Archive for June, 2010

Why we avoid difficult conversations

The most common challenges that we see in teams and organizations is the avoidance of difficult conversations.

The top reasons people avoid difficult conversations:

#1.  They are afraid they might open a big “can of worms”

#2.  They think that what they’re going to say might hurt someone

#3.  They don’t believe saying anything is going to make a difference

#4.  They think based upon the history with this person nothing will change

#5.  They are afraid of the emotions will come up

Here’s the five Coaching perspectives we take about those reasons:

#1.  True you may open some sort of can of worms, but remember ignoring problems generally don’t make them go away.  In fact there’s that old saying that when it gets buried, it’s going to cause an even bigger crater when it blows up!

#2.  You can’t control how someone else feels about what you’re going to say.  What you can control is how you say it like with some compassion and thoughtfulness.  Sometimes people do get a little bit hurt by what we have to say but we still need to say it and solve our problems and differences.  Not doing so usually causes bigger problems like people leaving the relationship (or organization).

#3.  Again, if you spend a little time and learn how to deliver hard messages that may actually impact whether your message is going to make a difference.  Secondly, one of the most common sources of frustration is the stuff we hold back and don’t communicate about.  So even if it’s not going to make a difference there is still value in getting it off your chest (remember when you do it correctly!)

#4.  You never know when one more hit of the hammer is going to knock down the whole wall.  Don’t give up on people and don’t ever stop saying what you need to say.  You can’t predict based upon people’s moods, emotions, and current life situation, when one of the things you’re going to say is going to finally make a difference.

#5.  Emotions do come up and quite honestly shouldn’t be avoided.  They don’t have to be all messy and uncontrollable.  Emotions are real and something we have to deal with.  Once dealt with it can make all the difference in the world.  Don’t forget a little emotional intelligence coaching wouldn’t hurt now and then either.

If all else fails, why don’t you let us do one of our Difficult Conversations Coaching Workouts led by Master Certified Coach, Pete Walsh.

Coaching – A Sacred Trust

One of the greatest coaches of all times, John Wooden, (lead UCLA men’s basketball team to 7 consecutive championships) knew how important it was to be trusted as a Coach.  Here’s what he said “I considered it a sacred trust: helping to mold character, instill productive principles and values, and provide a positive example for those under my supervision”.  He obviously knew something about Coaching!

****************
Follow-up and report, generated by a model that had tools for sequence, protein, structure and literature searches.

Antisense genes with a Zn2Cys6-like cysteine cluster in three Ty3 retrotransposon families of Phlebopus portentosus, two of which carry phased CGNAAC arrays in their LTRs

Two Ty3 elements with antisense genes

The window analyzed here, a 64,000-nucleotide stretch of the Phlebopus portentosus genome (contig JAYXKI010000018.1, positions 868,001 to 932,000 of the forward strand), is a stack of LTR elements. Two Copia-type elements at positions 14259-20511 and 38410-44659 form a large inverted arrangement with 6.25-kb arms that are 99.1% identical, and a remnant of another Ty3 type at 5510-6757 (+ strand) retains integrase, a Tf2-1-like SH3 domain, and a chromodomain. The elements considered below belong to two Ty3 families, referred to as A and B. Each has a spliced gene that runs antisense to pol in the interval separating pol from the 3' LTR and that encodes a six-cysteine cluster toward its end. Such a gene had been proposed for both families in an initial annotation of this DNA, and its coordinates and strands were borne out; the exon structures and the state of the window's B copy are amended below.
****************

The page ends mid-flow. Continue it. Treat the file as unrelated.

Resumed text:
We incorporate many of the all-time great Coach’s philosophies into our CEO Coaching, Leadership Coaching and Family Business Coaching.

Top 5 ways to be a trusted Coach and achieve peak performance:

#1.  Model the way (right actions, attitude, determination)

#2.  Listen – the only way to understand what motivates your followers

#3.  Show you care – pay attention and ask about the details of their lives

#4.  Be consistent – reliability is the center of trust

#5.  Expect greatness from your followers before they even believe in it

Coaching going Green!

“The human spirit is our greatest source of renewable energy!”

I would like to take credit for this, I really would.  I heard this statement from my client Tamara Woodbury (CEO at Girl Scouts-Arizona Cactus-Pine Council).

Think about it.  When you are motivated, focused, and excited about what you’re doing you tend to wake up, spring out of bed, and go excitingly into the day.  We can all picture the opposite of that (is that how you see your team members come in the morning?)

Great Business Coaches find ways to tap into that renewable energy in a way that becomes self-sustaining.

How are you doing at that?

  • Posted by Pete Walsh
  • Monday, June 28th, 2010
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Great coaches are coaching ALL of the time!

One of the most common mistakes I see leaders make is sitting down with some of their key performers infrequently and sporadically to discuss performance issues either positive or negative.

Great Coaches are Coaching all of the time!

Let me say that again – Great Coaches are Coaching all of the time!

If you’re going to be the kind of leader that inspires great levels of effort, performance and results, you have to be Coaching all of the time.  Frequency, consistency in your tone, message energy, and attention to detail – all of those things are going to add up to a great Coaching and great performance.

Solving the mystery of motivating employees

If you think about it, finding out what motivates each of your team members is a little bit like solving a great mystery.  I encourage my coaching clients to take it on with intrigue, and the bright eyes of a young scientist.

Most of the time they take this on like a major pain in the neck, and a great big hassle in leadership.  When you can make the shift to seeing it as a exciting exploration that when accomplished can produce endless results (have you ever seen a highly motivated employee work?)  You will be on the right track.

Be creative and don’t be afraid to contact me for ideas.

  • Posted by Pete Walsh
  • Monday, June 28th, 2010
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Tiger Woods Modifies His Swing Again

Many of you know a golf addict who, needless to say, was watching Tiger Woods in route to another victory at the Memorial tournament two weeks ago.  The commentator said “that swing change that Tiger made is why he’s hit every fairway this weekend.” In fact they went on to show viewers the video of the slight but high impact change Tiger made.

So once again — here’s the lesson.  The great ones never stop learning and modifying their approach!  Here is a guy once again who is arguably the best on the planet AND he pushes himself to find new ways to be even more effective.